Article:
Advertisement

Modern Cosmology and Anthropic Fine-Tuning: Three approaches

  • Robin Collins
Chapter
Part of the Astrophysics and Space Science Library book series (ASSL, volume 395)

Abstract

The anthropic fine-tuning of the cosmos refers to the claim that the laws of nature, the constants of physics, and the initial conditions of the universe must be set to an enormous degree of precision for embodied conscious agents to exist. Three major responses have been offered to this fine-tuning: the multiverse explanation; theism; and the claim that it is just a brute fact that requires no further explanation. In this chapter, I will consider each explanation in turn, and provide some novel arguments for the superiority of a theistic or related explanation. In the last section, I will show how whether or not one adopts a theistic or related explanation can significantly influence what features of the universe one considers in need of further scientific explanation, and the type of scientific explanation that one should find satisfactory. In particular, I will argue that in some cases atheism, not theism, serves as a science stopper in discouraging a search for deeper scientific explanations of phenomena.

Keywords

Scientific Explanation Dark Energy Density Brute Fact Theoretical Virtue Qualified Simplicity 
These keywords were added by machine and not by the authors. This process is experimental and the keywords may be updated as the learning algorithm improves.

References

  1. Atkins, P. (1987). Purposeless people. In A. Peacocke & G. Gillett (Eds.), Persons and personality (pp. 12–32). Oxford, UK: Blackwell.Google Scholar
  2. Baggini, J. (2003). Atheism: A very short introduction. Oxford, UK: Oxford University Press.Google Scholar
  3. Barrow, J., & Tipler, F. (1986). The anthropic cosmological principle. Oxford: Oxford University Press.Google Scholar
  4. Carroll, J. (2005). Why most cosmologists are atheists. Faith and Philosophy, 22(5), 622–640.CrossRefGoogle Scholar
  5. Collins, R. (2003). The evidence for fine-tuning. In N. Manson (Ed.), God and design: The teleological argument and modern science. New York: Routledge.Google Scholar
  6. Collins, R. (2007). The multiverse hypothesis: A theistic perspective. In B. Carr (Ed.), Universe or multiverse? (pp. 459–480). New York: Cambridge University Press.Google Scholar
  7. Collins, R. (2009). The teleological argument: An exploration of the fine-tuning of the universe. In W. L. Craig & J. P. Moreland (Eds.), The Blackwell companion to natural theology (pp. 202–281). Boston: Blackwell.CrossRefGoogle Scholar
  8. Collins, R. (Forthcoming – a). The fine-tuning evidence is convincing. In: C. Meister, J. P. Moreland & K. Sweis (Eds.), Oxford dialogues in Christian theism. Oxford: Oxford University Press.Google Scholar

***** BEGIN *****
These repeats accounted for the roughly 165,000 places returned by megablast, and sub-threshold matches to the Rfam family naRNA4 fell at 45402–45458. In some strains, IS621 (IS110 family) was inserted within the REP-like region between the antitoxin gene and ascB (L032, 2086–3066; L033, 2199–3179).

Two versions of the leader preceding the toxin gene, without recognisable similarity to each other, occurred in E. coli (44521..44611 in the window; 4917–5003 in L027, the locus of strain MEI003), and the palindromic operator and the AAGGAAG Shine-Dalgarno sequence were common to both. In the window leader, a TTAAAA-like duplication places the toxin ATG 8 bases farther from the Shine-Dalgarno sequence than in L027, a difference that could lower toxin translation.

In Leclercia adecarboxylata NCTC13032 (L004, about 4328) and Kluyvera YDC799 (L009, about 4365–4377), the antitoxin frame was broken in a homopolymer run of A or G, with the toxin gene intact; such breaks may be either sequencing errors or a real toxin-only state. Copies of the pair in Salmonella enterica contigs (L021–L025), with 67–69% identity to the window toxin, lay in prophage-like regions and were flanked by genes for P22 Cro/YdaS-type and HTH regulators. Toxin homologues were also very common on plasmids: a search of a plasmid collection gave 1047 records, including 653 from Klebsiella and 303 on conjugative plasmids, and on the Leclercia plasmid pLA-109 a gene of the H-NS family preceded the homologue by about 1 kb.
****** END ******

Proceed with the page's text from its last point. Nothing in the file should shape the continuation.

9. Collins, R. (Forthcoming – b). The connection building theodicy. In: D. Howard-Snyder & J. McBrayer (Eds.), The Blackwell companion to the problem of evil. Maldon, MA: Wiley-Blackwell.Google Scholar
  10. Davenport, M., & Olum, K. (2010). Are there Boltzmann brains in the vacuum? arxiv.org/abs/1008.0808v1. Accessed June 20, 2011.Google Scholar
  11. Davies, P. C. W. (1974). The physics of time asymmetry. Berkeley: University of California Press.Google Scholar
  12. Dirac, P. A. M. (1963, May). The evolution of the physicist’s picture of nature. Scientific American.Google Scholar
  13. Fung, Y.-L. (1948). A short history of Chinese philosophy. New York: The Free Press.Google Scholar
  14. Hogarth, W. (1753). The analysis of beauty. London: J. Reeves.Google Scholar
  15. Kline, M. (1972). Mathematical thought, from ancient to modern times (p. 153). Oxford, UK: Oxford University Press.MATHGoogle Scholar
  16. Leslie, J. (1979). Value and existence. Totowa: Rowman and Littlefield.Google Scholar
  17. Livio, M. (2000). The accelerating universe: Infinite expansion, the cosmological constant, and the beauty of the cosmos (1st ed.). Boston: Wiley.Google Scholar
  18. Penrose, R. (2004). The road to reality: A complete guide to the laws of the universe. New York: Knopf.Google Scholar
  19. Rees, M. (2000). Just six numbers: The deep forces that shape the universe. New York: Basic Books.MATHGoogle Scholar
  20. Rescher, N. (2000). Nature and understanding: The metaphysics and method of science. Oxford, UK: Clarendon.Google Scholar
  21. Rice, H. (2000). God and goodness. Oxford, UK: Oxford University Press.CrossRefGoogle Scholar
  22. Steiner, M. (1998). The applicability of mathematics as a philosophical problem. Cambridge, MA: Harvard University Press.MATHGoogle Scholar
  23. Susskind, L. (2006). The cosmic landscape: String theory and the illusion of intelligent design. New York: Little Brown and Company.Google Scholar
  24. Tegmark, M., & Rees, M. (1997). Why is the CMB fluctuation level 10−5? arXiv:astro-ph/9709058v2. (Also published in Astrophysical Journal, 499, 526–532, 1998).Google Scholar
  25. Vilenkin, A. (2006). Many worlds in one. New York: Hill and Wang.MATHGoogle Scholar
  26. Weinberg, S. (2001, September/October). A designer universe? Reprinted in The Skeptical Inquirer. Originally published in the New York Review of Books, October 21, 1999.Google Scholar

Copyright information

© Springer-Verlag Berlin Heidelberg 2012

Authors and Affiliations

  1. 1.Department of PhilosophyMessiah CollegeGranthamUSA

Personalised recommendations